Le marché européen des pompes à chaleur (en anglais)

Le nombre de pompes à chaleur vendues sur le marché Européen a augmenté de 3% en 2013. Un total de 769 879 a été vendu dans les 21 pays européens couverts par le dernier rapport de l'EHPA.
The number of heat pump units sold in the European heat pump market increased by 3% in 2013. A total of 769 879 units were sold in the 21 European countries covered by this year’s EHPA report.

Assuming a useful life of 20 years, the heat pump stock at the end of 2013 exceeds 6,74 million units.

The heat pump market continues to be governed by three major trends:

1. Air is and will remain the dominant energy source for heat pumps (note that cooling-only units are not counted in the report, see Annex II).
2. Sanitary hot-water heat pumps are the fastest growing heat-pump segment across Europe. This category is the only one showing double-digit growth. Sanitary hot-water units combine a heat pump and a hot water-storage tank. They are either sold as stand-alone units with the heat pump and the tank in one casing or as systems combining a heat pump and a separate tank.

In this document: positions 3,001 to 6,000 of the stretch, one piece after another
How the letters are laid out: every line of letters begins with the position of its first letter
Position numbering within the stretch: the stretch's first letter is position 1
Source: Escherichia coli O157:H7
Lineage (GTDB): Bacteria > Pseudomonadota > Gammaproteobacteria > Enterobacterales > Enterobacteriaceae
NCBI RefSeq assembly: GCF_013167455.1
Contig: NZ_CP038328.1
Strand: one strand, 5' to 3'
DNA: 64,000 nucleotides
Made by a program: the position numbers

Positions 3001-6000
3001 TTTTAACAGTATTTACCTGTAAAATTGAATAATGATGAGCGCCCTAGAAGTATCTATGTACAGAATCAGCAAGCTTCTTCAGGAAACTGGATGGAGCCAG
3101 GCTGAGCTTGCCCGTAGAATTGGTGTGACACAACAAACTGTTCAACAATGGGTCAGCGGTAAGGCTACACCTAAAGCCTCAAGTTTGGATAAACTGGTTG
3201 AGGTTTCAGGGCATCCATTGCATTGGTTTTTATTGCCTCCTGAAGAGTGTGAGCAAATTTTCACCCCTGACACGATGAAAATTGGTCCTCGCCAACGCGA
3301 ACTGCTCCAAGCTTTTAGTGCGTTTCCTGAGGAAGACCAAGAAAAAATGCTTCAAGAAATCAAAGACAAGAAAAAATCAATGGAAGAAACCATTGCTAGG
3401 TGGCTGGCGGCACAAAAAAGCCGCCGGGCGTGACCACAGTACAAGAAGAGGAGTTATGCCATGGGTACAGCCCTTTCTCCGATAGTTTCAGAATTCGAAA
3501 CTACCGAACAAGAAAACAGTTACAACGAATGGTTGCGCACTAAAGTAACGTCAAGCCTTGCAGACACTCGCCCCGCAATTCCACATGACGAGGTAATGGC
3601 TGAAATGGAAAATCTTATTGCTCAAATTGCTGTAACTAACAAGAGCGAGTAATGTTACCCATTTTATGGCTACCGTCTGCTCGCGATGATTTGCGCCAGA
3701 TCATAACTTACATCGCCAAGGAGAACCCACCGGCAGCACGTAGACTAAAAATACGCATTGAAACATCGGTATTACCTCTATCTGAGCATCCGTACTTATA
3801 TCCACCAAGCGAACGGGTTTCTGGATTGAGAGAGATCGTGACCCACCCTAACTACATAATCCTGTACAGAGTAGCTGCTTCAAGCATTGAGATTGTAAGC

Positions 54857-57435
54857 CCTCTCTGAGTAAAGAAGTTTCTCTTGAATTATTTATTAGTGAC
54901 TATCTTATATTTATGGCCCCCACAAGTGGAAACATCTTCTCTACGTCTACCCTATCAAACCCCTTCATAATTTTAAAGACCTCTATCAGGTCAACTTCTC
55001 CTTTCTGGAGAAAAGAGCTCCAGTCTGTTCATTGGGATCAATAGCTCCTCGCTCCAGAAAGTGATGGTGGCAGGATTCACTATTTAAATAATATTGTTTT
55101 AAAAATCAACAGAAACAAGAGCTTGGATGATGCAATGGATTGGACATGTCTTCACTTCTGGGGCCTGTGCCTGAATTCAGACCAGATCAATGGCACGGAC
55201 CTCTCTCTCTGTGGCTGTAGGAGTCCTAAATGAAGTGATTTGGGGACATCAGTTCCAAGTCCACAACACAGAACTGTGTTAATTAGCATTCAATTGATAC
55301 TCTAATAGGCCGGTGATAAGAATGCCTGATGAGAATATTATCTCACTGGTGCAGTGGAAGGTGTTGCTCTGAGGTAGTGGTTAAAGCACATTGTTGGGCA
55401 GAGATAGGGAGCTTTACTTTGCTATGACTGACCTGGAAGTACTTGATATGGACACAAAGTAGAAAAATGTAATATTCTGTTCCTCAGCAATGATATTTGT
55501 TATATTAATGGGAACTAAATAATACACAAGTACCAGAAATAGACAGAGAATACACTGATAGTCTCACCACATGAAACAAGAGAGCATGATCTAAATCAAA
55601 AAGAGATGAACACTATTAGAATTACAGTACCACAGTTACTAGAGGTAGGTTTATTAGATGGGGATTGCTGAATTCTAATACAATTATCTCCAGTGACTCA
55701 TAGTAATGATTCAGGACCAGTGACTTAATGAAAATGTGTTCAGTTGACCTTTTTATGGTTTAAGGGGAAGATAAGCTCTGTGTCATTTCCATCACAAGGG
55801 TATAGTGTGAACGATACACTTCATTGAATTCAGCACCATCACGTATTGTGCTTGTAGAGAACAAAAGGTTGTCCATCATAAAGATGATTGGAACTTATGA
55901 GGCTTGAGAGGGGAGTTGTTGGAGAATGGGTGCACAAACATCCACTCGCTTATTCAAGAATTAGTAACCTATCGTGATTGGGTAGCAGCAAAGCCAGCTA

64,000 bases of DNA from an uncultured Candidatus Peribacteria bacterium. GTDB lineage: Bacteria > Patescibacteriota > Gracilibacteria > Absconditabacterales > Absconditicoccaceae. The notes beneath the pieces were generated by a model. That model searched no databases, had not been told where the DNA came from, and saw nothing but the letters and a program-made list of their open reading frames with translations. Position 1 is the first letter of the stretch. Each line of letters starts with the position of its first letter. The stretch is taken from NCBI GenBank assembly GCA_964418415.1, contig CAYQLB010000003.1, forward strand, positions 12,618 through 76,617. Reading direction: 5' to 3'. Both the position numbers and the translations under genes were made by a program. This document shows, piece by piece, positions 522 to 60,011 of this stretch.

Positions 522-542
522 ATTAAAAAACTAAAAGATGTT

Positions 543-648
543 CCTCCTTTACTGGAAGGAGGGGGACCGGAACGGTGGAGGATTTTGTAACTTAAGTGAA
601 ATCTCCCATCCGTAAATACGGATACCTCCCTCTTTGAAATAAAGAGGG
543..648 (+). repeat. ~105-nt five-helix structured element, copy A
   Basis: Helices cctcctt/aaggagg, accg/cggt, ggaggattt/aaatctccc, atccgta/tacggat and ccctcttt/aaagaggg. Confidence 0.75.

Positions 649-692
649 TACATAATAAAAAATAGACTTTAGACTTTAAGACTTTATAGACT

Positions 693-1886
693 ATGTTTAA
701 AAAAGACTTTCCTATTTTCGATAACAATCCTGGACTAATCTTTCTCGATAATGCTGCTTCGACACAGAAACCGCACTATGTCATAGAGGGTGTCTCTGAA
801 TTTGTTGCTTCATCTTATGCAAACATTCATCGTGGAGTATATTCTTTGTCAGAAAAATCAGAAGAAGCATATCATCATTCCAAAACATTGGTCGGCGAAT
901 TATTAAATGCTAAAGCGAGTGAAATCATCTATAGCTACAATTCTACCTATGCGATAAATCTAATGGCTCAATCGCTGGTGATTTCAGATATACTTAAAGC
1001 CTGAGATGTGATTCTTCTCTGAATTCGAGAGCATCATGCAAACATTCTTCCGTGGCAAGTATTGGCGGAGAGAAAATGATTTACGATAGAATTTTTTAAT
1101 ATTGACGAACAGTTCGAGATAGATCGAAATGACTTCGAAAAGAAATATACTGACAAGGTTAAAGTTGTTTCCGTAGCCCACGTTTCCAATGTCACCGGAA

3. Larger heat pumps for commercial, industrial and district heating applications are increasingly popular. They quite often use geothermal or hydrothermal energy. However also here, air is an energy source used by a number of installations. Air, water and ground can either carry renewable energy or waste heat from processes. In the latter case, this type of heat pump improves energy efficiency, but does not use a renewable source.

In a country perspective, most markets returned to growth, after a very difficult year 2012. In 2013, 15 out of the 21 markets saw a positive development (see figure 1-2). Some countries even experienced double-digit growth for a second year in a row. A complete turnaround could be observed in Portugal, Spain, Sweden and Finland where the heat pump markets returned to growth after a negative development in 2012. Growth in two of the biggest markets - France and Sweden - strongly influences the overall positive results of the European market. Early signs from 2014 sales confirm this positive trend. It is indeed expected that 2014 will see larger growth rates than 2013.

In 2013, a total heat pump capacity of over 24 GW was installed producing approx. 13 TWh of useful energy, integrating 8,26 TWh of renewables in heating and cooling and avoiding 2,12 Mt of CO2-equivalent emissions. An additional 4,83 TWh of primary energy was saved resulting in a reduced final energy demand of 10,56 TWh.

In aggregated terms, a total of more than 6,7 million heat pump units were installed since 1994. This amounts to an installed thermal capacity of nearly 224 GW. All installed heat pumps produce 120,8 TWh of useful energy, 77,8 TWh of which being renewable. Their use saved 99,1 TWh of final and 47,1 TWh of primary energy.

Source: EHPA